This style of testing has lots of advantages—it lets companies like Prometric offer different tests simultaneously, which makes scheduling the test easier (more tests offered+more testing windows per day=more flexibility for the testee) and cuts the cost of administering tests like the GRE (though I seriously doubt that ETS passed any savings on to me). But as I found out, it makes taking the test a rather different experience. Aside from taking the test on a computer (a difference that my test prep materials had prepared me for), it meant that I was taking the test alone instead of taking the test as an individual within a larger group.

During high school midterms and tests like the SATs I sat in open rooms with large groups of students. I may not have recognized them individually, but we were all recognizable; we were all setting ourselves to the same task. At a certain time we would all put our noses to the same test, and after a certain period we would all be released from the strain of that effort. During the GRE I realized that I missed that communal sense of focus, the sort of shared mood of taking a test. I may not have had the distractions of yawning co-testees or class clowns during the GRE, but I actually kind of missed those things. I realized after I got out that I had been looking forward to the nervous glances and smiles, to the sense that I was taking the test with other people, even if I was working alone on the problems I was completing.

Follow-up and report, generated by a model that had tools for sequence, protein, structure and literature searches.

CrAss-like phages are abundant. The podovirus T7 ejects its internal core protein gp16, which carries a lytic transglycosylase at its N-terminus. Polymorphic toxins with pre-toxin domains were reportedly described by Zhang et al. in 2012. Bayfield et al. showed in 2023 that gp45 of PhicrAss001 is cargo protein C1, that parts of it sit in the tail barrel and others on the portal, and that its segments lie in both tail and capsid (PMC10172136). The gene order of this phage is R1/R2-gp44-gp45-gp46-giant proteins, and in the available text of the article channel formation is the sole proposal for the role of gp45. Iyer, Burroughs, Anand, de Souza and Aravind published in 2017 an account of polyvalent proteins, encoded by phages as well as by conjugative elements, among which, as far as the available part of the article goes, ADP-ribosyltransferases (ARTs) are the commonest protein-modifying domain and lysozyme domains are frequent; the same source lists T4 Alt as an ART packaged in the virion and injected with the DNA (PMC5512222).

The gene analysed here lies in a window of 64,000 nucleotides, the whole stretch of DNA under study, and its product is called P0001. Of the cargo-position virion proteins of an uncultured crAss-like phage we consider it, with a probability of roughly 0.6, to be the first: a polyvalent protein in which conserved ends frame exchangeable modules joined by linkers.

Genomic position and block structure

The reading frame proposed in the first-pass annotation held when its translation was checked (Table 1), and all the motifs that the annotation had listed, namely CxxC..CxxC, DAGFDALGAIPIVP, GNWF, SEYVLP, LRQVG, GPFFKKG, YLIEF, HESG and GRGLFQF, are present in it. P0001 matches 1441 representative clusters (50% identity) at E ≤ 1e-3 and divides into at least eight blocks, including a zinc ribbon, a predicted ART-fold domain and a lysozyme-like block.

This was a partial explanation for something I experienced during the GRE. When taking a test in public, so to speak, I always felt a certain sense of stoic decorum; even if I flubbed a question I didn’t want to make a big deal out of it and distract someone else. But in Prometric’s carefully created sense of being in a bubble, there wasn’t that unconscious social awareness of being in a group. When I missed a question it threw me off, and I found myself fighting the childish urge to sulk, slouch, and flub the rest of the test on purpose, a sort of what-the-hell, no one is watching kind of feeling. I was able to get through, but my mood was a sort of unpleasant focus, as though finishing out were my best means to thumb my nose at whatever malign fate (or whatever foolish, overconfident part of myself had lead me to underprepare). I was in a state of negative flow—I was completely absorbed, after a fashion, in the test, but I was not happy about it.